Connecticut: Career and Technical Education at Its Best

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Politicians like to talk about the need to educate a skilled workforce and foster an environment that encourages job creators. Step into A.I. Prince Technical High School in Hartford, Conn., and you'll meet one skill-building, future job creator after another.

The Sept. 1 visit to Prince by AFT president Randi Weingarten was the third stop on the AFT's "Making a Difference Every Day" back-to-school tour. It's one of 18 state-run technical high schools, serving grades 9 through 12, where students graduate workforce- and college-ready thanks to their instructors, who are members of AFT Connecticut's State Vocational Federation of Teachers (SVFT).

photo © 2011 John Muldoon

A.I. Prince Technical High School principal William Chaffin led AFT president Randi Weingarten on the tour of the school.


In addition to traditional academics, Prince offers instruction in 13 trades, including plumbing and heating, electrical, and graphics technology. Fifty-five percent of the school's students are female, many pursuing nontraditional jobs, says principal William Chaffin. Students graduate with a diploma and a certificate in a trade.

Lt. Gov. Nancy Wyman, former chair of the state House Education Committee, welcomed Weingarten, who was joined by a number of dignitaries, including Connecticut Technical High School System superintendent Patricia Ciccone, Connecticut AFL-CIO secretary-treasurer Lori Pelletier, State Board of Education chair Alan Taylor, State Board of Education member Patricia Keavney (a former SVFT local officer), AFT Connecticut president Sharon Palmer (who also is an AFT vice president), AFT Connecticut second vice president Leo Canty, and SVFT president Jan Hochadel.

Culinary arts students Jameik Heron and Melissa Martinez, both seniors, escorted the group along with the principal. Heron, the class president, plans to attend Johnson & Wales University's College of Culinary Arts and someday open a restaurant. Martinez has set her sights on opening her own bakery.

Photos © 2011 John Muldoon

Automated Manufacturing Technology students show their designs to Weingarten.


Whether Weingarten was visiting with students in culinary arts, automated manufacturing or carpentry, their entrepreneurial spirit was evident.

Enrollment in the school is competitive. Superintendent Ciccone says that there are typically four to six applicants for every seat. Academic records, test scores and disciplinary history are factors in admissions.

Walking through the pristine, purple-lockered halls, Weingarten was struck by the quiet. It's an indication, she says, that the students are not only diligently at work—"the kids want to be here."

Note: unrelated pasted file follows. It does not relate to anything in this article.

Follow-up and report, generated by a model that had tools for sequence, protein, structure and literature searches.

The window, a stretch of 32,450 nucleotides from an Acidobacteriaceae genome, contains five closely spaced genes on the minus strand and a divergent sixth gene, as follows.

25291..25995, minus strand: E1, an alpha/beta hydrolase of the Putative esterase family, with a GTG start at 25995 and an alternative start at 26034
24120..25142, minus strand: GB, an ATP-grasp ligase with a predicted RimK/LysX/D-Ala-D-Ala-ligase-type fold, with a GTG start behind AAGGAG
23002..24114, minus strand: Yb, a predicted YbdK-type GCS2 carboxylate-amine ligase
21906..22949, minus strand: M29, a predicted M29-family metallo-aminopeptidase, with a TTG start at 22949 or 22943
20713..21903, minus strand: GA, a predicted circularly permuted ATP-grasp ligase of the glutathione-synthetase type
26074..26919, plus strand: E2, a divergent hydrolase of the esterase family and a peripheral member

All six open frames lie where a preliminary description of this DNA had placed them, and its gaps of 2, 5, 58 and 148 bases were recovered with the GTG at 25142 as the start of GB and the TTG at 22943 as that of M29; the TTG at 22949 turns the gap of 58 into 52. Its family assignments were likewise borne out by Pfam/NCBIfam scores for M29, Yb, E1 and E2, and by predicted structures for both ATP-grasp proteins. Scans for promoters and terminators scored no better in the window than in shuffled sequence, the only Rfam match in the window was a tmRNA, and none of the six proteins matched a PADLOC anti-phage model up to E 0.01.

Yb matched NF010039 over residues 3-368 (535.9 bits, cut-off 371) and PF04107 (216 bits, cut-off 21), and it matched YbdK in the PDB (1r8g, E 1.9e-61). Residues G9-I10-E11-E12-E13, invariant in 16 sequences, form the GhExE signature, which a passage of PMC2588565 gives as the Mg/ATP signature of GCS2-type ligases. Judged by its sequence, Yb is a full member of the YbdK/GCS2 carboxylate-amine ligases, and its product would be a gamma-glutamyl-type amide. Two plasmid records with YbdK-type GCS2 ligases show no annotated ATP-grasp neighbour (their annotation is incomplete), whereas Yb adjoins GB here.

"This is the world of work," says Ciccone. "The teachers' workplace, the administrators' workplace—and their [the students'] workplace." Along with math and reading, school climate is a cornerstone of school improvement districtwide, says Ciccone, explaining that school climates that are healthy, positive, respectful and safe foster student connection. A school climate like the one at Prince enables learning to happen, says Weingarten.

All educators know that one factor in setting the tone for school climate is the physical building itself. For the 2009-10 school year, Prince opened its new, improved and expanded building. Twelfth-grade counselor Larry Stub, a member of the SVFT, says the new school building has changed the students. "The kids are more respectful of the property," says Stub, who has been with the system for 30 years, noting that the old building, inside and out, was covered with graffiti.

"So, kids see the new building and say, 'Hey, I'm important,' " Weingarten notes.

Photos © 2011 John Muldoon

Weingarten thanks Culinary Arts students Jameik Heron (center) and Melissa Martinez for their hospitality.


It's that kind of attitude that will drive Prince's future job creators—and job fillers. When Weingarten asks a sophomore carpentry class what they want from the adults in the room, one student says: "Keep the technical schools."

That is exactly what the AFT wants to do—and more. Recognizing that the lack of federal, state and local funding has squeezed career and technical education programs for students and adults, delegates to the AFT's 2010 national convention passed a resolution committing the union to "encourage the expansion of career and technical education programs in school systems throughout the United States."

The last stop on the tour was a reception hosted by the culinary arts department, featuring delectable treats made by students.

The Connecticut Technical High School System serves more than 10,000 full-time high school students, as well as some 5,500 adult students in apprenticeship and other programs. [Kathy Nicholson/photos ©John Muldoon 2011]

September 2, 2011